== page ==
|Traditional way of choosing a child's career. Place the toddler on a mat and whatever he chooses will be his career. This little guy looks like he will work the land!|
We spent our first Saturday in China being escorted around the city by our hosts to see all of the sites. I usually hate organized tours but this actually wasn't that bad. We were able to socialize a bit and we weren't dragged off to a cheap souvenir shop for most of the day that belongs to the guide's cousin or uncle.
Nanjing (known in the past as Nanking by some foreigners - isn't it wonderful, how foreigners happily change the name of places they visit!) is a large city, but then city and large in China seems to be synonymous! Nanjing is the capital of Jiangsu Province and is located on the South bank of the Yangtze River and has been the capital for several dynasties. It is also where the notorious Nanjing Treaty was signed ceding Hong Kong to Britain for over a hundred years and ushering in a period of invasion and colonial rule in China.
I first learned of Nanjing several years ago when I read a book entitled The Rape of Nanking: The Forgotten Holocaust of WWII by Iris Chang, which Chronicles the atrocities that occurred when Nanjing was invaded by the Japanese during the Second Sino-Japanese war. It is believed that over 300,000 persons, including women and children, were tortured, raped, and brutally murdered over a period of a few weeks.
|One of the many statues outside of the Nanjing Memorial|
Nanjing is a busy city and as we drove through the streets there are stores and restaurants of every type both high end and local stalls. The streets are busy with construction as an underground is being installed. Our first stop of the day was the Nanjing Memorial. This was an extremely impressive Memorial chronicling the events of the tragedy and the personal stories of the victims.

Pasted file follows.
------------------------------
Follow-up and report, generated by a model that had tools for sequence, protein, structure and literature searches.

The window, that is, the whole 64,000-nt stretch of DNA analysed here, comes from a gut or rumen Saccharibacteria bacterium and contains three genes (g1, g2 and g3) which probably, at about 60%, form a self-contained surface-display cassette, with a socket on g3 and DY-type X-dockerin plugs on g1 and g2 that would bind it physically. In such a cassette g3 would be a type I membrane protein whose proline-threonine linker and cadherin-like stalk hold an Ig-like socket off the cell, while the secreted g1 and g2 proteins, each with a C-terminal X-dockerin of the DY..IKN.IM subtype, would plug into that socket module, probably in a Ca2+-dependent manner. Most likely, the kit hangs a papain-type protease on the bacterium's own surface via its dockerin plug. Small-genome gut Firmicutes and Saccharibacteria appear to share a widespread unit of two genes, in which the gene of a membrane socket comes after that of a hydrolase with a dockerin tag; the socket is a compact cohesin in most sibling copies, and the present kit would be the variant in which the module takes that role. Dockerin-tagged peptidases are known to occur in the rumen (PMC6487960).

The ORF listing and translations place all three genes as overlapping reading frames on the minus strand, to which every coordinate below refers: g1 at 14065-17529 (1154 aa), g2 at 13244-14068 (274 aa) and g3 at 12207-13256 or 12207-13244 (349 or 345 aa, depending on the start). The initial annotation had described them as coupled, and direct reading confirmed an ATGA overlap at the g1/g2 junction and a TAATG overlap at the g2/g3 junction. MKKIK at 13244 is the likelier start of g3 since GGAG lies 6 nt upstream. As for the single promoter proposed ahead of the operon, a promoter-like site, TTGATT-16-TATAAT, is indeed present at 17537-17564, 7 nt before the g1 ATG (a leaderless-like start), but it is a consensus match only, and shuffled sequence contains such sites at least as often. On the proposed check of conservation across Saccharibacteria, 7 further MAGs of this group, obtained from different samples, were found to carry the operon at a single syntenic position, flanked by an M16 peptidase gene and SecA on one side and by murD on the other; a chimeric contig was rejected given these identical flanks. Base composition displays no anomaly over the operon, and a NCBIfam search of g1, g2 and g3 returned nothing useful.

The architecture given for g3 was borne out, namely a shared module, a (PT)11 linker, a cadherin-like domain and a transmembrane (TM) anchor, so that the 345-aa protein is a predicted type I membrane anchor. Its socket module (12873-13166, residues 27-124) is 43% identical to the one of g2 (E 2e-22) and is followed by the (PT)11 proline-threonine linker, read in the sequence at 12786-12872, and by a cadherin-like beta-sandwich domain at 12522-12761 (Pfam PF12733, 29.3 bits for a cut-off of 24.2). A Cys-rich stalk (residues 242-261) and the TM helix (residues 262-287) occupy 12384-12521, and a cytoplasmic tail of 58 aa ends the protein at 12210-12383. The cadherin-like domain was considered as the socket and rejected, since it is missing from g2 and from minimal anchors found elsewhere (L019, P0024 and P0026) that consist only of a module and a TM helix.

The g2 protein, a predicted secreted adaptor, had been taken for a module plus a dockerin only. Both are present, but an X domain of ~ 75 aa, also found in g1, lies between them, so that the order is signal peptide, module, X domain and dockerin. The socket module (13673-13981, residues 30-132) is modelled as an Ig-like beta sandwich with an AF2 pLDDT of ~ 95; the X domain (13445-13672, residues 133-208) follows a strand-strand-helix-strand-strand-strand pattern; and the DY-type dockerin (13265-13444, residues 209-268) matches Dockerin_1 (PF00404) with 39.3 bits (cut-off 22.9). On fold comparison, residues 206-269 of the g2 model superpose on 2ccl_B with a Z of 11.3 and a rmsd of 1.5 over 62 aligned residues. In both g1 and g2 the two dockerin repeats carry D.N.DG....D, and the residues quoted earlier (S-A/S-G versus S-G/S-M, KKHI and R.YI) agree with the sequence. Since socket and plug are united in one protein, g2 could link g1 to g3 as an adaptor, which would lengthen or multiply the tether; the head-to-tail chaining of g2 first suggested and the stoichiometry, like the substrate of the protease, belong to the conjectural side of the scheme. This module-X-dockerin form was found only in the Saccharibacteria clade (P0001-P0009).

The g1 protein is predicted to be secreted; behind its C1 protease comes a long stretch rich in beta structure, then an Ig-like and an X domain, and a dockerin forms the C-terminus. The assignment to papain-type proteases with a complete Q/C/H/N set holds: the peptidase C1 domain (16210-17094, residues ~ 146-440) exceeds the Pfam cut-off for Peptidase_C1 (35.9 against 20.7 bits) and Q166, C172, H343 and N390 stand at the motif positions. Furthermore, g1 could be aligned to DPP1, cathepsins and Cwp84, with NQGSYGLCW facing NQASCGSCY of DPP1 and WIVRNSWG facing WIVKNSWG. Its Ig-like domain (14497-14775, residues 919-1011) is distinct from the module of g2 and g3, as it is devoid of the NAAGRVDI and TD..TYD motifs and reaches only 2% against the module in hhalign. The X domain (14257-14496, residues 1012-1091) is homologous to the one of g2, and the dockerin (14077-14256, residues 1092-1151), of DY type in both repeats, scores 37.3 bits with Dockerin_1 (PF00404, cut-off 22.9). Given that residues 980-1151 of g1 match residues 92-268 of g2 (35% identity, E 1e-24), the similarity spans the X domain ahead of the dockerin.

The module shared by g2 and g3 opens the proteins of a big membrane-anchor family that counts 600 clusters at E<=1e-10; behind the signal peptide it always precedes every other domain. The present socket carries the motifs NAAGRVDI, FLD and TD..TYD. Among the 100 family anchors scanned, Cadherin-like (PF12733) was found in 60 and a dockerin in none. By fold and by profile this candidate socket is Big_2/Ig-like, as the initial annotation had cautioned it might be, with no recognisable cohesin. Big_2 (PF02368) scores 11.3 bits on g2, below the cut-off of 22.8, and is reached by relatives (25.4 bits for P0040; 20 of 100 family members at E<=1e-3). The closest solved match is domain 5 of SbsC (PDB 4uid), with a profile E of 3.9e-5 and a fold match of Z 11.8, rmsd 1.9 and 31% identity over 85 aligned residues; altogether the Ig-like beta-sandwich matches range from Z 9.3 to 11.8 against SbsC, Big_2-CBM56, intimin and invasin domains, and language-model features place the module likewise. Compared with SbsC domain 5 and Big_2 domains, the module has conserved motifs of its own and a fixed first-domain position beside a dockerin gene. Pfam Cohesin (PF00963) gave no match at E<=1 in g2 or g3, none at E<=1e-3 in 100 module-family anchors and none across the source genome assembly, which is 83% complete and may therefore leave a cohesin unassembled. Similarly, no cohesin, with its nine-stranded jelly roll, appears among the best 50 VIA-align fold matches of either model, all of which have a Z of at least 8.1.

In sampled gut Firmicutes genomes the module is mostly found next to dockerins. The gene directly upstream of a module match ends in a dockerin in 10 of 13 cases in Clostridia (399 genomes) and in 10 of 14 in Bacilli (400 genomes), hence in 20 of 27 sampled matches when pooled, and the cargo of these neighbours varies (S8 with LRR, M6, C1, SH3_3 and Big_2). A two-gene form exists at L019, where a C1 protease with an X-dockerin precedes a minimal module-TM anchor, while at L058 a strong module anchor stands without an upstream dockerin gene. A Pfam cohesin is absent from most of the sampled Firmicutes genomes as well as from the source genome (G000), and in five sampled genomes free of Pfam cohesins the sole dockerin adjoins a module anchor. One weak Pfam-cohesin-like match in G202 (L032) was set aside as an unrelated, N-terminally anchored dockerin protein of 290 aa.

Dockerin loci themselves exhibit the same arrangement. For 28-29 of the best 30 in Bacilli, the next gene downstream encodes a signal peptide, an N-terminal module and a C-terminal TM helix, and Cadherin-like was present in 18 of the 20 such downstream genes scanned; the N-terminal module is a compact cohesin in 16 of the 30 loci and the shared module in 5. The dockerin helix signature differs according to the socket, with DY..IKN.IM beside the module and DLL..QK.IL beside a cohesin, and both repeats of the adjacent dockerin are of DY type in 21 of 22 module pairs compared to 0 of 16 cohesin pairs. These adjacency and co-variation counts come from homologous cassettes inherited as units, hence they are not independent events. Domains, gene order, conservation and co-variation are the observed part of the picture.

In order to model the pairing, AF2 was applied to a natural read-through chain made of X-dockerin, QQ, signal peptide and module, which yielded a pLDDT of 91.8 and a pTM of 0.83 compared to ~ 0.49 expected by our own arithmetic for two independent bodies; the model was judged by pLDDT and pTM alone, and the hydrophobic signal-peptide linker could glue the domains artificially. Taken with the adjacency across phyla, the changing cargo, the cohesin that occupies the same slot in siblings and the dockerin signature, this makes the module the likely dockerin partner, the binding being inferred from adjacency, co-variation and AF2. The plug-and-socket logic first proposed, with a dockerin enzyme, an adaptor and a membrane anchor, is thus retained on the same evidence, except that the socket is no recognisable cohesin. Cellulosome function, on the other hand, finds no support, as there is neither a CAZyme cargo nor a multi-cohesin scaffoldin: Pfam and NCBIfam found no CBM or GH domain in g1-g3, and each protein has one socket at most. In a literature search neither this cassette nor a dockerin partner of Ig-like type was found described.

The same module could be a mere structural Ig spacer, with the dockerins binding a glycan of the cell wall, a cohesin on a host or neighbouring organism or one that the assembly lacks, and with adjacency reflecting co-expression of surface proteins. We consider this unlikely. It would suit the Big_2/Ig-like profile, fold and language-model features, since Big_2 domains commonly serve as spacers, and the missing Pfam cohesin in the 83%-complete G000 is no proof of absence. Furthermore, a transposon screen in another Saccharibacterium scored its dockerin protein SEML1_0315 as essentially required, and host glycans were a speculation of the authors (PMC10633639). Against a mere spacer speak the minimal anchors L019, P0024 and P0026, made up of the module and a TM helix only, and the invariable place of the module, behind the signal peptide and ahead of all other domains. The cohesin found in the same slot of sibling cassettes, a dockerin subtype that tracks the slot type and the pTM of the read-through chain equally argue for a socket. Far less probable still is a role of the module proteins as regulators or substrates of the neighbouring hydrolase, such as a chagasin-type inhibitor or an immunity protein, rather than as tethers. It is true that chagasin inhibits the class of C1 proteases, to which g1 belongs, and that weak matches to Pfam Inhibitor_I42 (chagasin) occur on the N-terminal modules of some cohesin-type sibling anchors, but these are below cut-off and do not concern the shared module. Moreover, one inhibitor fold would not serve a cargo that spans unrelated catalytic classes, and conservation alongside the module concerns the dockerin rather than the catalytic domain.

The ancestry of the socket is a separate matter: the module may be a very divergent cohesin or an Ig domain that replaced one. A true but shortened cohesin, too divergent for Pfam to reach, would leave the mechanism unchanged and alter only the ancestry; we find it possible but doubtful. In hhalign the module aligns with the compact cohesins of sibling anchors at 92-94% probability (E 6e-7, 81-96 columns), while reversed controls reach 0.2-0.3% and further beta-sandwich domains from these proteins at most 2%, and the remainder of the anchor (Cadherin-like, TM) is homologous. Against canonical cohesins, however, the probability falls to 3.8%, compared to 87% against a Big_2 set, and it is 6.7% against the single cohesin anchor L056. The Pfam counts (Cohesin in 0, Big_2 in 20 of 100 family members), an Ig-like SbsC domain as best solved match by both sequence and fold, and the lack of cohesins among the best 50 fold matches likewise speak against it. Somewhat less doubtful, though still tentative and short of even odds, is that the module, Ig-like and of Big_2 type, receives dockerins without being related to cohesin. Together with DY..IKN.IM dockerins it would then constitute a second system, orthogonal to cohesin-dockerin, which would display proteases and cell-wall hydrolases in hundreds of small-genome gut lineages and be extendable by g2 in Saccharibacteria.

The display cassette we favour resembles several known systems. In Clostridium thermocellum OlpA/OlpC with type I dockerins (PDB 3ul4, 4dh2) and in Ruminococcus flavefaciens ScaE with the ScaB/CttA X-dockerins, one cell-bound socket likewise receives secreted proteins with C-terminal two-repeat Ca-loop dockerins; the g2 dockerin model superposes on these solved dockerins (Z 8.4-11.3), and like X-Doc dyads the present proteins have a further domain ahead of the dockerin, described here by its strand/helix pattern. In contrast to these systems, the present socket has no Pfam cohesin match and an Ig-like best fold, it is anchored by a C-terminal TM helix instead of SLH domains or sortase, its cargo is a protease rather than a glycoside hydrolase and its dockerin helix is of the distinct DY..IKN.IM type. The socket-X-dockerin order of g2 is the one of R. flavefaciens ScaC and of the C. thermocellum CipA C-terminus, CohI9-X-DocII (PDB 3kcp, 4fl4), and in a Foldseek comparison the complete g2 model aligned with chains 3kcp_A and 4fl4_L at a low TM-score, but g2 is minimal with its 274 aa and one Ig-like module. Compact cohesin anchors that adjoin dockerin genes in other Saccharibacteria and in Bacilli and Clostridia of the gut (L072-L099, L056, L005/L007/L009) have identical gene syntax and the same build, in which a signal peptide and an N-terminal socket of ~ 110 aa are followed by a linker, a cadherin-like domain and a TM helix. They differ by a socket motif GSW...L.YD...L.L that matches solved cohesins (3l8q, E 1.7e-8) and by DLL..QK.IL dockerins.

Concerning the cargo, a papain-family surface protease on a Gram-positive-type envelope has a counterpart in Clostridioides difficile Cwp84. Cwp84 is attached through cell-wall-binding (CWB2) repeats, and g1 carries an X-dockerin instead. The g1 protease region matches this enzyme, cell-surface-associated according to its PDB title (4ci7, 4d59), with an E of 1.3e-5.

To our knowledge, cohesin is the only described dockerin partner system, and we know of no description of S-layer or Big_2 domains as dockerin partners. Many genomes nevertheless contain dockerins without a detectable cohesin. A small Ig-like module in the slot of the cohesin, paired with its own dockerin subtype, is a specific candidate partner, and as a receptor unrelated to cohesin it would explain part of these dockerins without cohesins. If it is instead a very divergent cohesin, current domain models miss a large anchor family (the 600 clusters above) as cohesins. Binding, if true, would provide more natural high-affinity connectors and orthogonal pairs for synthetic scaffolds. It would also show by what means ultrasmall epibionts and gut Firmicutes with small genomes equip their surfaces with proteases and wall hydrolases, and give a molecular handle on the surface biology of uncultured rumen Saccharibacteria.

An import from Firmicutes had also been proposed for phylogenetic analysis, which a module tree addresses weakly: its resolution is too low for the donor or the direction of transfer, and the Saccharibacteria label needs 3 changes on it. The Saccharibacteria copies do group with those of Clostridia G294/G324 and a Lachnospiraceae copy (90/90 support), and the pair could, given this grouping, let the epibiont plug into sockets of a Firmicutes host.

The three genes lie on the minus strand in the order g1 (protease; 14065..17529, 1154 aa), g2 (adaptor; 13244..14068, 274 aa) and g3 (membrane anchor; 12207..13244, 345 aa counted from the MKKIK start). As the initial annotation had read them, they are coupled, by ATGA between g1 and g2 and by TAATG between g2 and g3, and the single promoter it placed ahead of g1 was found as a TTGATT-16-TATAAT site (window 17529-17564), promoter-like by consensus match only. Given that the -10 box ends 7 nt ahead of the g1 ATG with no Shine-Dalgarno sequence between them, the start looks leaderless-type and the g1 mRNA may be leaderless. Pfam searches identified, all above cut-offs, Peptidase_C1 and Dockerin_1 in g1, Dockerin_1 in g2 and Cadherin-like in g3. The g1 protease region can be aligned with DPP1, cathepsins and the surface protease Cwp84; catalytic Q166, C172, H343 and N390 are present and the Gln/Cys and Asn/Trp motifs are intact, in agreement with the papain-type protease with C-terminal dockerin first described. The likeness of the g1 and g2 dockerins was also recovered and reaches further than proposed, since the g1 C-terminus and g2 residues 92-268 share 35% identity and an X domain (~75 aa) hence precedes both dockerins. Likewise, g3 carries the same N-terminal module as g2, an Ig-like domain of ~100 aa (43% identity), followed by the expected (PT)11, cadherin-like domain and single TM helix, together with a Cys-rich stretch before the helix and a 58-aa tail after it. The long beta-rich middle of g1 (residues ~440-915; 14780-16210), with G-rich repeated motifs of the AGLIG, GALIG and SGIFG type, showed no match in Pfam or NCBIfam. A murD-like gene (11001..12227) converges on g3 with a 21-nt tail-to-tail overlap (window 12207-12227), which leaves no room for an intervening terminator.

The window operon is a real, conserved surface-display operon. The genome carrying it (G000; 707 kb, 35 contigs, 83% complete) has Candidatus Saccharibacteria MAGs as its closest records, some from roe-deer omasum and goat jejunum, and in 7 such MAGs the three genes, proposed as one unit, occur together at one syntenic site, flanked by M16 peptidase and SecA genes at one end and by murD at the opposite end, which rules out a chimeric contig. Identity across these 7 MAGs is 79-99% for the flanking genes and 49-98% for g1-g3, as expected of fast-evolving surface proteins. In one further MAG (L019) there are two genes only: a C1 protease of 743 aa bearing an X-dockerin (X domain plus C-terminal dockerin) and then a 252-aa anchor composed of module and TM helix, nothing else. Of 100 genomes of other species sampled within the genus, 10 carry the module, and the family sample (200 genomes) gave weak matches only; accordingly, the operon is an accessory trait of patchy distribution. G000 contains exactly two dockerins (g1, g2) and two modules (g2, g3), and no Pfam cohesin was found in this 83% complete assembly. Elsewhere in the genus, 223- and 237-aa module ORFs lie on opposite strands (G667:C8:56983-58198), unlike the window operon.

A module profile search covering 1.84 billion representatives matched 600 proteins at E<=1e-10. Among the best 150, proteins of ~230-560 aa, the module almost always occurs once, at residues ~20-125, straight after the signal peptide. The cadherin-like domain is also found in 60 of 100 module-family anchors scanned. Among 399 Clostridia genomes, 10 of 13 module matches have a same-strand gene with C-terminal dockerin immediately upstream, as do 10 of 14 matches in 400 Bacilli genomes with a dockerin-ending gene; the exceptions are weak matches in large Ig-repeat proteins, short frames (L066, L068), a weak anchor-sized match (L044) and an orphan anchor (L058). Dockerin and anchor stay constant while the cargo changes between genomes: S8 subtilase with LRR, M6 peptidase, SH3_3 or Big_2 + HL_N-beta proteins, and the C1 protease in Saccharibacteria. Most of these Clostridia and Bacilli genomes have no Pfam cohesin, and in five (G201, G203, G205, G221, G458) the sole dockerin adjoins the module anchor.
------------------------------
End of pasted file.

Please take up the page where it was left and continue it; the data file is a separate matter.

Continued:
Being politically correct, at least when it comes to the Japanese, was not an issue for our tour guide, Jean, who told us several times throughout the day, "Chinese hate Japaners!"
We also visited a house of the commoner...a modest little bungalow of 166 rooms which managed to escape the random destruction of the Cultural Revolution. Apparently, it officially was reported to have 99 rooms because no one could have more rooms than 100 ensuring that the Emperor always had the best place to live! This is now a museum /artsy hangout/tea room and some of our group who were a little bored with wandering through the endless maze of rooms managed to nip off into the tea room where we were able to watch some of a Beijing opera...actually very interesting!
|Jump shot on the City Wall in Nanjing.|
|Rachelle and I at Confucius Temple|
A nightcap with my new friends in the hotel lobby and then off to bed. Tomorrow we are on our way to our teaching assignments!
|Relaxing with my fellow teachers.|